In The Impossible, Juan Antonio Bayona, he of the terrifying and profile raising ghost story The Orphanage, makes his English language debut in order to tell the story of a British family struggling to survive during the devastating 2004 Thailand tsunami. The film is anchored by Naomi Watts as the wife/mother of that family; her performance is an astonishingly raw, incredibly emotionally gripping masterpiece. She receives able support from a wonderful ensemble. Ewan McGregor is the husband and father of the family and his emotional rawness is nearly the equal of Watts’; a phone conversation late in the film is perhaps the finest acting of McGregor’s entire career – it certainly takes its place in any proper highlight reel of the actor’s wonderful career. The Orphanage already established that Bayona is very good at directing young actors and he solidifies that here. Tom Holland is very good as the eldest son; he’s required to carry a large section of the film by himself and he manages it. Samuel Joslin and Oakley Pendergast as the two younger sons are also excellent. But the rest of the cast is absolutely perfect. Bayona allows his camera to meander through the chaos of the aftermath of the tsunami in a really terrifying fashion. As the camera travels through a hospital or down a devastated roadway, the performances by those captured even if only fleetingly are haunting and disturbing. I’ll mention one name; Douglas Johannson as a father desperately seeking for his son – he has no dialogue in English and none of its subtitled either. He’s on screen for less than five minutes, but you walk out remembering his incredibly emotional performance. There are faces like this all through the film, the faces of people who are in the film even less than Johannson, people that we never hear speak or only hear scream or weep, people that the camera only acknowledges for a handful of seconds. There’s a woman that the camera pans past in a matter of less than five seconds near the end of the film; I remember her emotion vividly, the look on her face. This is the way Bayona has populated the movie; you feel that you’re catching only tiny glimpses of hundreds of other devastating stories and it’s the performances from even the extras that really sells this part of the film and really emphasizes the horrific situation the main family finds themselves in. I’ve never quite had the reaction to a film’s cast that I had to this one. But I have to say that the number of great performances given in this film, number into the dozens; some of the performances are center stage – others last only seconds. But the cumulative impact of this amazing ensemble is breathtaking.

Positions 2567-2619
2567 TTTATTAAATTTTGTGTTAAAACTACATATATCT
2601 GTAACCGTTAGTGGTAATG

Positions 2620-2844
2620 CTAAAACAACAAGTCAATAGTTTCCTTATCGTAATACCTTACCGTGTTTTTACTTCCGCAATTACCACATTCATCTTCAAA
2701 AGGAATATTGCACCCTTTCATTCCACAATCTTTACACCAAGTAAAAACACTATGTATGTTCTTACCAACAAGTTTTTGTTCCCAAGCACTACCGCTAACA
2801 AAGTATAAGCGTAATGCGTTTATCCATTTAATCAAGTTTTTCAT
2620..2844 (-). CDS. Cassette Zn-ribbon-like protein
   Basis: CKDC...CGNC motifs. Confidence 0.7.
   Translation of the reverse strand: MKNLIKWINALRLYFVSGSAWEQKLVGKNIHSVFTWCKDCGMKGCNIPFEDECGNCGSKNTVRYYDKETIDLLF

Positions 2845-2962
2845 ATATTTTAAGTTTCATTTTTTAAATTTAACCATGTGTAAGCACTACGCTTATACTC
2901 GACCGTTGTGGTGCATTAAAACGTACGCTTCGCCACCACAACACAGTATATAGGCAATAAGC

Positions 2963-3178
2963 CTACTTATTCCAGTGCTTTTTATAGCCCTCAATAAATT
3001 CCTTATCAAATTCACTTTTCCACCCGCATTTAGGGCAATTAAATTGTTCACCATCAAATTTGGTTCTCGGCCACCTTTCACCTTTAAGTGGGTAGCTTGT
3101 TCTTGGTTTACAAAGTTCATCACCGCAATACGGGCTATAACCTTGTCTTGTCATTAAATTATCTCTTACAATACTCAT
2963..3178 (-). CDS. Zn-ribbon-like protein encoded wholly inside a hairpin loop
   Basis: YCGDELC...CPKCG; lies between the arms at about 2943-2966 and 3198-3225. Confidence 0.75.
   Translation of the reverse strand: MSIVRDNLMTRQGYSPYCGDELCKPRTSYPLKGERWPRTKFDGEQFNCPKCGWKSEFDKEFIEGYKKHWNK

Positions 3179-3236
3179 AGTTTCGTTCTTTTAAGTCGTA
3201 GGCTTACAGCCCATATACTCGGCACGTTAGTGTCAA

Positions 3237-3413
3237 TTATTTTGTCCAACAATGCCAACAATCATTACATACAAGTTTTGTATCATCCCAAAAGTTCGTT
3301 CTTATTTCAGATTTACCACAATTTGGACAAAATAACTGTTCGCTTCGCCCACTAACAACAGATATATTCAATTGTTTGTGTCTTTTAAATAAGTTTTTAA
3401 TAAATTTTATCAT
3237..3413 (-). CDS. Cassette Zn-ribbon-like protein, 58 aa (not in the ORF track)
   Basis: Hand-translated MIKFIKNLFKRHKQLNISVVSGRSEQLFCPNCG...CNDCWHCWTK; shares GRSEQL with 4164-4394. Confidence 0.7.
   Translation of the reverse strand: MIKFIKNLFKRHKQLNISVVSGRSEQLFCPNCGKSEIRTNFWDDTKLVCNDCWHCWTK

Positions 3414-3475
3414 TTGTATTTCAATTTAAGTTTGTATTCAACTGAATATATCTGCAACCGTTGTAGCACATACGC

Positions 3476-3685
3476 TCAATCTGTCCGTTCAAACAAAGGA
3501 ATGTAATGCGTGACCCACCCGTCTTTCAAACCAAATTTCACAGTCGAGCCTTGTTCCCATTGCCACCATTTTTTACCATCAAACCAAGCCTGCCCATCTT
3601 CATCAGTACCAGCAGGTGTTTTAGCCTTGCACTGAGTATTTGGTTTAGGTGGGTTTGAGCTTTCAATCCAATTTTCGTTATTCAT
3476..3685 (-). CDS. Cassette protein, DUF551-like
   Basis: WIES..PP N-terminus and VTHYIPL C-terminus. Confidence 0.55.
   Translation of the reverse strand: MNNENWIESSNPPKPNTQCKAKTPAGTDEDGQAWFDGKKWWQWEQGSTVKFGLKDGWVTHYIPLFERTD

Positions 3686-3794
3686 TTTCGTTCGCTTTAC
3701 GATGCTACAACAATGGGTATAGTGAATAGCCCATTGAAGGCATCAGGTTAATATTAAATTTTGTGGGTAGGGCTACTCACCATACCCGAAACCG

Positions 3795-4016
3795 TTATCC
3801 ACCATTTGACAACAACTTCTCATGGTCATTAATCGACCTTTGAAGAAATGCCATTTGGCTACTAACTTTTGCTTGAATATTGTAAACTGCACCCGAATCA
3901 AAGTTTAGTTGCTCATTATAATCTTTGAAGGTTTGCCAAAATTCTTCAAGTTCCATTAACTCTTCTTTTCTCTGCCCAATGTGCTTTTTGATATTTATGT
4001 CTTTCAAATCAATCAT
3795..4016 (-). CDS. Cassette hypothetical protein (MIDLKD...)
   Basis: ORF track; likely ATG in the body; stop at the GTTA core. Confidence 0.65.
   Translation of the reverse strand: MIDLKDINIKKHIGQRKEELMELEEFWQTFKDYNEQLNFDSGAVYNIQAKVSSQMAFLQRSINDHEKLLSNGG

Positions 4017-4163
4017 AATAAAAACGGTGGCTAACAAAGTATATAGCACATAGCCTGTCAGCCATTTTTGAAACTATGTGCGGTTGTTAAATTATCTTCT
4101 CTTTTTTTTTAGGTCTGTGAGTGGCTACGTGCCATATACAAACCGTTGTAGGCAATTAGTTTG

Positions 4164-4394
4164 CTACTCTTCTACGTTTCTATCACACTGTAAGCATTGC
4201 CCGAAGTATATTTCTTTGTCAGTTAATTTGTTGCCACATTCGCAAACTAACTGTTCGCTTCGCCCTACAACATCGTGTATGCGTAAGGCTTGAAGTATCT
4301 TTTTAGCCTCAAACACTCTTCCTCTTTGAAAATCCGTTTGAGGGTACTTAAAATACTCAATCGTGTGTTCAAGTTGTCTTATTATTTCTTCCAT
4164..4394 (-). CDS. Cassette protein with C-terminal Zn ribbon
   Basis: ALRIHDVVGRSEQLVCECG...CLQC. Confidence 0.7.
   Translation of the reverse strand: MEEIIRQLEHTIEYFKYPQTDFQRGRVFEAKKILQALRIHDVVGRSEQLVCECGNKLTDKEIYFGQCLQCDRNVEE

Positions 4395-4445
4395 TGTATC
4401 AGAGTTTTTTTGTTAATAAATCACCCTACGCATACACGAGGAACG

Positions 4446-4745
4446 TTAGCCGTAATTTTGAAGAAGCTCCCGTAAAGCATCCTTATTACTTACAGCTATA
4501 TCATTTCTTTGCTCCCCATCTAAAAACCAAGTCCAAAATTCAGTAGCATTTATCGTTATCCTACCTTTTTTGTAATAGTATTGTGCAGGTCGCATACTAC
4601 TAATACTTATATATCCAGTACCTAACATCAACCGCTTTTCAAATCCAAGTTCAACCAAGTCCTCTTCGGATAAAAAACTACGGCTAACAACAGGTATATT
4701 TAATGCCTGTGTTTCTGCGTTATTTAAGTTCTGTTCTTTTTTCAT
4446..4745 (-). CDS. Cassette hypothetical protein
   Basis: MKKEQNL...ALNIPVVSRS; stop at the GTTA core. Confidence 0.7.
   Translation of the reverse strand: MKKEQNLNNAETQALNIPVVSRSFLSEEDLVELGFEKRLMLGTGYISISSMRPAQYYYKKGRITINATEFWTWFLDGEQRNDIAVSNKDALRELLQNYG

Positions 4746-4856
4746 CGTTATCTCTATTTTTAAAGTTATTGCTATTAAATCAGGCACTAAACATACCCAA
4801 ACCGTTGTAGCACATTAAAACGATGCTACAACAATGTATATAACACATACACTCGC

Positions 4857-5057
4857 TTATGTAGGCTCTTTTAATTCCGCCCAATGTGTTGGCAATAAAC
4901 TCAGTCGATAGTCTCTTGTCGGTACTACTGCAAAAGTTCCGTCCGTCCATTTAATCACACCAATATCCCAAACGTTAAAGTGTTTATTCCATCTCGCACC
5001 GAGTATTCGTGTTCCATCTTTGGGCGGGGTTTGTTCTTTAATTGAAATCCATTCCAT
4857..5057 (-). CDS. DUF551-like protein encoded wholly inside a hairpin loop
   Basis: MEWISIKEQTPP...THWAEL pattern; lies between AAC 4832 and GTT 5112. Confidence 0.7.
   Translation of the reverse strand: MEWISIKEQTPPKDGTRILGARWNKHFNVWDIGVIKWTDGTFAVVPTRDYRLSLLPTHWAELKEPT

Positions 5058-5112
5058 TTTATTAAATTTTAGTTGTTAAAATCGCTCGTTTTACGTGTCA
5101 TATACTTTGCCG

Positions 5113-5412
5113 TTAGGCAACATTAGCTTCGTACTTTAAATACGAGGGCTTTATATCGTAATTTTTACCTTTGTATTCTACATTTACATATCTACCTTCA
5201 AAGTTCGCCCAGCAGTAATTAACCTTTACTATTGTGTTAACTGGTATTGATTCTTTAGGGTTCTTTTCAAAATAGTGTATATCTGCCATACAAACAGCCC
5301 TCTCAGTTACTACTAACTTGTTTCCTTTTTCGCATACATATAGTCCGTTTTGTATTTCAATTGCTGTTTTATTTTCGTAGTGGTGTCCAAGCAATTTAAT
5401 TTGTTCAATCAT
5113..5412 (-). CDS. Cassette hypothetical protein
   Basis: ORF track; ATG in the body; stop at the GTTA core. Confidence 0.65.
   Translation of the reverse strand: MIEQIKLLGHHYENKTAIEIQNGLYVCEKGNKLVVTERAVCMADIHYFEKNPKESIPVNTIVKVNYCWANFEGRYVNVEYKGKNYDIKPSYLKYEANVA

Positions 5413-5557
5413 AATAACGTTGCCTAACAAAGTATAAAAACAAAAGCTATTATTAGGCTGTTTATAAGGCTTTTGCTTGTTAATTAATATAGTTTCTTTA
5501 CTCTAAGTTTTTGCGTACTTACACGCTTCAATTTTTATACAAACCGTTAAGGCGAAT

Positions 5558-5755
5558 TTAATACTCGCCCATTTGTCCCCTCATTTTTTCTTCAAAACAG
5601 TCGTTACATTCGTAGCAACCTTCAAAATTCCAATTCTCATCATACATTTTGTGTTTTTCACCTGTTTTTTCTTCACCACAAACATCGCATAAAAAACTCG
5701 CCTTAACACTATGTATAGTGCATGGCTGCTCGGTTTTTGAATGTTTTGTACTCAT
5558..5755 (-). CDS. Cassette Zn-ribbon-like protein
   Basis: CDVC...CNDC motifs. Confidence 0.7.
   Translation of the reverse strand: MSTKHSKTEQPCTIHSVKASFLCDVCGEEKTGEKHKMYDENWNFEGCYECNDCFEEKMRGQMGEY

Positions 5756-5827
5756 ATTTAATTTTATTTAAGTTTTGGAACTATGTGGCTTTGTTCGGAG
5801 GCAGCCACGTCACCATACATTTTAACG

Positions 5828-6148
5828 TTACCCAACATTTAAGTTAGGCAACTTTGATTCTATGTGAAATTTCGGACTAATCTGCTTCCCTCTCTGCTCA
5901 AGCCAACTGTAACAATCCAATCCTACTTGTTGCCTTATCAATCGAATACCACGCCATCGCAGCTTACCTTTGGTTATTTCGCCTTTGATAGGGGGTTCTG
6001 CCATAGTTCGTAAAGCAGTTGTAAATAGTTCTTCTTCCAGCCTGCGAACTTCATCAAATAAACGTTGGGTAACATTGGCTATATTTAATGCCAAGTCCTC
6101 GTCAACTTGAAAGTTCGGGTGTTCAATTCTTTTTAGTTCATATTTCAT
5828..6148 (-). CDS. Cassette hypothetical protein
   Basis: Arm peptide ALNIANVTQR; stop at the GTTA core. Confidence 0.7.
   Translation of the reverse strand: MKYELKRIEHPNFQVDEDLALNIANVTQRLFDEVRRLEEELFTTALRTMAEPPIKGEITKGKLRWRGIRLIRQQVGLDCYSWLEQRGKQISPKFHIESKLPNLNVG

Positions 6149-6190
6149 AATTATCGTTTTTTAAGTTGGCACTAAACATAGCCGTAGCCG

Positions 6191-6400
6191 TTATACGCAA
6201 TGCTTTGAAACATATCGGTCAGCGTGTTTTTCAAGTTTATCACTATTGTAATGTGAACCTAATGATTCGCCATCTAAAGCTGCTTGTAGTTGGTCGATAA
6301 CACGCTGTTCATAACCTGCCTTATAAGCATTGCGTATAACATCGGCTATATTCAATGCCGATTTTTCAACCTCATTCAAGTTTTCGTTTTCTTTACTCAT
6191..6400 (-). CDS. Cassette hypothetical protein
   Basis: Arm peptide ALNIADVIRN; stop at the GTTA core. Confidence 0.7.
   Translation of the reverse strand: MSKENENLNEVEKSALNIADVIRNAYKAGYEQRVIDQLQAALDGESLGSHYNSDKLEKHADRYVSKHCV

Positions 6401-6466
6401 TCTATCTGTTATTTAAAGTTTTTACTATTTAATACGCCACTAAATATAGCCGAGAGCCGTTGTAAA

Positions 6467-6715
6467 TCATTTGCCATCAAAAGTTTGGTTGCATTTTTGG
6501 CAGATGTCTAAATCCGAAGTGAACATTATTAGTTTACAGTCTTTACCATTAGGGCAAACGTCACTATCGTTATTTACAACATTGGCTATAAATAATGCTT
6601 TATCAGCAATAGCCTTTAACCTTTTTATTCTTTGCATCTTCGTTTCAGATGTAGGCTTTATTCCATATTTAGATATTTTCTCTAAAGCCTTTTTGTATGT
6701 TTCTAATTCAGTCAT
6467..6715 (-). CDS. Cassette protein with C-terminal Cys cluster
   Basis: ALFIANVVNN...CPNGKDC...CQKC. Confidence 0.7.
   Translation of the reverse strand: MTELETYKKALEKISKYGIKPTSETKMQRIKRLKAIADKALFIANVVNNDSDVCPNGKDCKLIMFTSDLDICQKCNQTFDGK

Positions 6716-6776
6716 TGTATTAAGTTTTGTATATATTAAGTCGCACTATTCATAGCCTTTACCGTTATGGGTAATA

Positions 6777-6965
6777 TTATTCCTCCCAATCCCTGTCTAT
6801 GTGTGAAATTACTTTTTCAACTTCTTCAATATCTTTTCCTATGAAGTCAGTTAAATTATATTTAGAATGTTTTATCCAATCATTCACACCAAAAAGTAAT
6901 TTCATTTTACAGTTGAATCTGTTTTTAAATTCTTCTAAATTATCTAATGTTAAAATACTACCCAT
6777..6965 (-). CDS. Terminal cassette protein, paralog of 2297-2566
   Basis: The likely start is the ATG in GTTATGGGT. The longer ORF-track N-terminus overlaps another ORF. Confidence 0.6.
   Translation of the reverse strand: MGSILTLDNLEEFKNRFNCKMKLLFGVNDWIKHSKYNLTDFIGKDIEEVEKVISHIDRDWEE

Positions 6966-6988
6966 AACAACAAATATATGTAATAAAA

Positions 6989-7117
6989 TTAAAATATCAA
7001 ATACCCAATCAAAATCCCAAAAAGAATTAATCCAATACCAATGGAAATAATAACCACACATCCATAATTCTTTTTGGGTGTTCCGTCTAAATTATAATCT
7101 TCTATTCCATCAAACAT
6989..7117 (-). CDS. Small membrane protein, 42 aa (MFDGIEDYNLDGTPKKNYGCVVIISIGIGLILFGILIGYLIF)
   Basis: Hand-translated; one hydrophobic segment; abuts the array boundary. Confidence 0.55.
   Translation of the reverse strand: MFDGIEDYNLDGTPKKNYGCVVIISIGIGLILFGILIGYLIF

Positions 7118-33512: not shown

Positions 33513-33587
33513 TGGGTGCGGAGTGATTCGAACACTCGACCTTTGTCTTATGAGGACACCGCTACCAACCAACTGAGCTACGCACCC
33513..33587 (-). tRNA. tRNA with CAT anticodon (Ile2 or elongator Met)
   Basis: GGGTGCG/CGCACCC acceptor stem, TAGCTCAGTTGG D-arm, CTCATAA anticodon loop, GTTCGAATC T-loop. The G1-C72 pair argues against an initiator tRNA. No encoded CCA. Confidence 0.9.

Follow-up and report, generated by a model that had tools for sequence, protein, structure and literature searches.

Next time, it’s time for a break from all this brilliance for my pick for Worst Ensemble I saw in 2013. It’s a film that came out decades ago and it’s considered a classic, so maybe we’ll have some controversy over the fact that I think it featured the worst all-around acting I saw all year.